A recess was then ordered, after which, in chambers, the court informed the petitioner, inter alia, that the question asked by petitioner was unethical and uncalled for and that if it were not for the fact that petitioner had not been out in practice for a very long time he would cite him for contempt at that time, but that he was going to continue the matter until the conclusion of the trial and that at that time, if he had not changed his mind, he was going to cite petitioner for contempt. Following further remarks by the court and counsel, the court stated that if he held petitioner in contempt of court, he did not know what he was going to do and that ‘If I do, maybe I better make the sentence such that he will be forced to take out a writ of certiorari and go see whether I am justified.’ The trial was then resumed and examination of the witness, Latham, was concluded without further reference to questions asked by the petitioner.
On January 18, 1957, proceedings were had in which the court related the circumstances surrounding the asking of the question of the witness, Latham, by petitioner and stated to petitioner, among other things, that he thought he was in contempt of court; that he could have found petitioner in contempt of court at the time (January 8, 1957) and sentenced him but that he wanted petitioner to have a right to be heard. The court then stated he would furnish petitioner with a transcript of the proceedings and his remarks so that petitioner would be fully apprised of the charge made against him and that petitioner could appear in person or by counsel and answer it. After further remarks by the court and counsel, the matter was continued from time to time until June 13, 1957, when the court found that petitioner had asked the question of the witness, George D. Latham, without any basis in fact, and was not acting in good faith; that the question was asked with intent to mislead the jury, to prejudice the jury against the case of the People; that the question was improper and was asked with the intent to thwart and obstruct justice and that the two crimes bore no similarity. The court then found petitioner guilty of contempt and imposed a sentence of fine and imprisonment.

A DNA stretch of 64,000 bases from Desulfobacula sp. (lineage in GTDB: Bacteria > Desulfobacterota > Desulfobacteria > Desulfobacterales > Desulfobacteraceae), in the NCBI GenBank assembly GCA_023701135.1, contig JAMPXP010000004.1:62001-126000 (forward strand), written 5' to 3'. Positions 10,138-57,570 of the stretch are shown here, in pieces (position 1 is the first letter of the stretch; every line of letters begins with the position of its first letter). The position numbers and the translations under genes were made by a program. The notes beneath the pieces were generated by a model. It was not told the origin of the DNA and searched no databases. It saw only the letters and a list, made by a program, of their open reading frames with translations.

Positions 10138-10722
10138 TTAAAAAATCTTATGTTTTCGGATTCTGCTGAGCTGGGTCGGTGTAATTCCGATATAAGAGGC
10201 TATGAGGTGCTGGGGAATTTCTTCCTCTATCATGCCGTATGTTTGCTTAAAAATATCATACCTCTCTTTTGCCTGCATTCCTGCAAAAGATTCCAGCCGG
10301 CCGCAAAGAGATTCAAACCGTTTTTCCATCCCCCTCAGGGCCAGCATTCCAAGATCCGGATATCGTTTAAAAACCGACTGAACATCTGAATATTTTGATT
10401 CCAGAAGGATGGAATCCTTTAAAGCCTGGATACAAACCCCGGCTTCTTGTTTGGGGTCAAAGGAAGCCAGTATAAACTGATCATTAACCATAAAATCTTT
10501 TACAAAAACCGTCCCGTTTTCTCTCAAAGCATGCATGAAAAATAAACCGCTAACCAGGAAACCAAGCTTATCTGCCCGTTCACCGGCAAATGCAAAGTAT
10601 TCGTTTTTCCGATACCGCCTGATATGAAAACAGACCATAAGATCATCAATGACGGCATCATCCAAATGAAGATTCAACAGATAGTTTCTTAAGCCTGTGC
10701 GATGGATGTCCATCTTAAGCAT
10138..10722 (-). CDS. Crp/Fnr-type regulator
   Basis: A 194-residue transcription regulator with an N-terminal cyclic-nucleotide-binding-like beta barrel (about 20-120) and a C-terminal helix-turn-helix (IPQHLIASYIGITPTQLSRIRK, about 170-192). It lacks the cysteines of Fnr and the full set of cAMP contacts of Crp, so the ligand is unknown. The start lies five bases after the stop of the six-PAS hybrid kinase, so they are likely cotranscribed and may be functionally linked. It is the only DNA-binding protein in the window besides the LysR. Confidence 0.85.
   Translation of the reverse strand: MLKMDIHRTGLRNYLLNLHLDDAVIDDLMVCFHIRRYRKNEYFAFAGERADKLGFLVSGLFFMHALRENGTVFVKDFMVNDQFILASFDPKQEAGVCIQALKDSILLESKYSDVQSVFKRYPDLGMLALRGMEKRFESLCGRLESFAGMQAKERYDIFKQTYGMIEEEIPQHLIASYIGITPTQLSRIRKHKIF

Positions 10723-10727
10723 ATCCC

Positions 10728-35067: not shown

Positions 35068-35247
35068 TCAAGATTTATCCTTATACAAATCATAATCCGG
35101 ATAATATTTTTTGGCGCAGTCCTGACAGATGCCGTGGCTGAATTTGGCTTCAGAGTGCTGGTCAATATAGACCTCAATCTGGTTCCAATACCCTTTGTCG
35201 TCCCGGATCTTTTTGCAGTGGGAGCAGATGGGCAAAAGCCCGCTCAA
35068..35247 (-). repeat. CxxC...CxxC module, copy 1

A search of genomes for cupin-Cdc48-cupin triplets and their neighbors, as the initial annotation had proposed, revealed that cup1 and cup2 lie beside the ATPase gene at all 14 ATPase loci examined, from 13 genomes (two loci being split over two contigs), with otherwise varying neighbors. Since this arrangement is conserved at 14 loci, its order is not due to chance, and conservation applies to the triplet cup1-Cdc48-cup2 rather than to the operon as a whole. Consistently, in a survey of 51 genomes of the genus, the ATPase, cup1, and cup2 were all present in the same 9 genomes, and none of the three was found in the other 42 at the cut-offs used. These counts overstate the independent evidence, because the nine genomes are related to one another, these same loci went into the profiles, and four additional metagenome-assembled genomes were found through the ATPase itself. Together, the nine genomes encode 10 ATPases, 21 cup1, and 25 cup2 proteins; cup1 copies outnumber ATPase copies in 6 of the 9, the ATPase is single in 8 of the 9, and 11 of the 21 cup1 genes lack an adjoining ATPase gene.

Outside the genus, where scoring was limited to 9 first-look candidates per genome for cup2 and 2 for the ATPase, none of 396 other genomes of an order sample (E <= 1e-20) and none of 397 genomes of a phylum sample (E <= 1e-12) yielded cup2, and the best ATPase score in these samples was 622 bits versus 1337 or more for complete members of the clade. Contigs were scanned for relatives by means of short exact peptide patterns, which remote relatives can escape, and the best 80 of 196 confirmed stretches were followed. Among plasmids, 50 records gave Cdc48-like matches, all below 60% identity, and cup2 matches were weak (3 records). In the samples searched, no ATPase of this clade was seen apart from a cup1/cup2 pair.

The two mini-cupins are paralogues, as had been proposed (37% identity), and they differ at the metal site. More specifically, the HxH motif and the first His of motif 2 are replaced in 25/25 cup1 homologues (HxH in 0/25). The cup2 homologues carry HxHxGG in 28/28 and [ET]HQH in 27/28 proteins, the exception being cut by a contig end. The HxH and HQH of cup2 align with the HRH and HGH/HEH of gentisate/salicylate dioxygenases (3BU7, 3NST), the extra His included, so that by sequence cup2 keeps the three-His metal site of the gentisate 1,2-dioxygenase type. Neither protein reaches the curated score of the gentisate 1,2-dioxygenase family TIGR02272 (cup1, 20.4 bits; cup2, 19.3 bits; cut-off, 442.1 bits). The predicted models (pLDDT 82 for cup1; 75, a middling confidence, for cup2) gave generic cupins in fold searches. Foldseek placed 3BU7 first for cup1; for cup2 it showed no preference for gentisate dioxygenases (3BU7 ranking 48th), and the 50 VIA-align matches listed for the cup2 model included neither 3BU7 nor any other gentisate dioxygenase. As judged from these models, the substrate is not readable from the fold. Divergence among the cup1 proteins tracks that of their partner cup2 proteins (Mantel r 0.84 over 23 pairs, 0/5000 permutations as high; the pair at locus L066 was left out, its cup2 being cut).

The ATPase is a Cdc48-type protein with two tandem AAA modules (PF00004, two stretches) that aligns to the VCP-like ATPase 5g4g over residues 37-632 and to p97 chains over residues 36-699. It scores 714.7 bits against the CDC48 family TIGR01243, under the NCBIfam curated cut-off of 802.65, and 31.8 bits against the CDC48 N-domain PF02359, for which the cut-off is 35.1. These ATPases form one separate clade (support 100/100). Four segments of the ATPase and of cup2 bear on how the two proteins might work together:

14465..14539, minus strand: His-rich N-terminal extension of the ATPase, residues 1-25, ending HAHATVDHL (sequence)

The question of whether the order herein adjudging petitioner in contempt should be annulled must be determined in the light of certain well established rules governing contempt of court. In Bennett v. Superior Court, 73 Cal.App.2d 203, 210–211, 166 P.2d 318, it was held that contempt of court is a specific criminal offense; that the proceeding is of such a distinctly criminal nature that a mere preponderance of the evidence is insufficient; that the defendant cannot be compelled to be sworn as a witness; that in reviewing the proceedings, the charge, the evidence, the findings and judgment are all to be strictly construed in favor of the accused, and no intendments or presumptions can be indulged in aid of their sufficiency. And on page 218 of 73 Cal.App.2d, on page 326 of 166 P.2d the court said:
‘We know of no rule of law permitting a court to punish an attorney because he is honestly mistaken in his interpretation of the law when he presents his mistaken views to the court in a proper and respectful manner. As is said in Ex parte Lake, supra [65 Cal.App. 420, 224 P. 130]: ‘It never has been held that in the trial of an issuable fact an attorney is guilty of contempt in merely offering insufficient, or even incompetent, evidence in an effort to prove that fact.’'
In Wilde v. Superior Court, 53 Cal.App.2d 168, 177–178, 127 P.2d 560, 565, it was held:
‘In cases of contempt committed in the presence of the court, the order adjudging the contempt must also recite facts which actually constitute contempt. It is also true that as the proceedings are of a criminal nature no presumptions may be indulged in favor of the juedgment. These rules were clearly stated in In re Lake, supra [65 Cal.App. 420, 224 P. 126], as follows:
“The reason for this rule is clearly stated in the Hotaling case, from which we quote ([Hotaling v. Superior Court] [191 Cal. 501], 217 P. 74, 29 A.L.R. 127): ‘Contempt of court is a specific criminal offense. [Citing cases.] A contempt proceeding is not a civil action, either at law or in equity (herein disagreeing with Ex parte Selowsky [189 Cal. 331], 208 P. 99, 100) * * *, but is a separate proceeding of a criminal nature and summary character [Citations.] in which the court exercises but a limited jurisdiction. * * * The proceeding is of such a distinctly criminal nature that a mere preponderance of evidence is insufficient.’”
In Gallagher v. Municipal Court, 31 Cal.2d 784, 795–796, 192 P.2d 905, 912, it is said that:
‘In a summary contempt proceeding the judge who metes out the punishment is usually the injured party and the prosecutor as well. Since such a situation invites caprice, appellate courts almost without exception require that the order adjudging a person in direct contempt of court recite in detail the facts constituting the alleged transgression rather than the bare conclusions of the trial judge. * * *
‘An advocate ought to be allowed freedom and latitude both in speech and in the conduct of his client's case. * * * The public interest in an independent bar would be subverted if judges were allowed to punish attorneys summarily for contempt on purely subjective reactions to their conduct or statements.’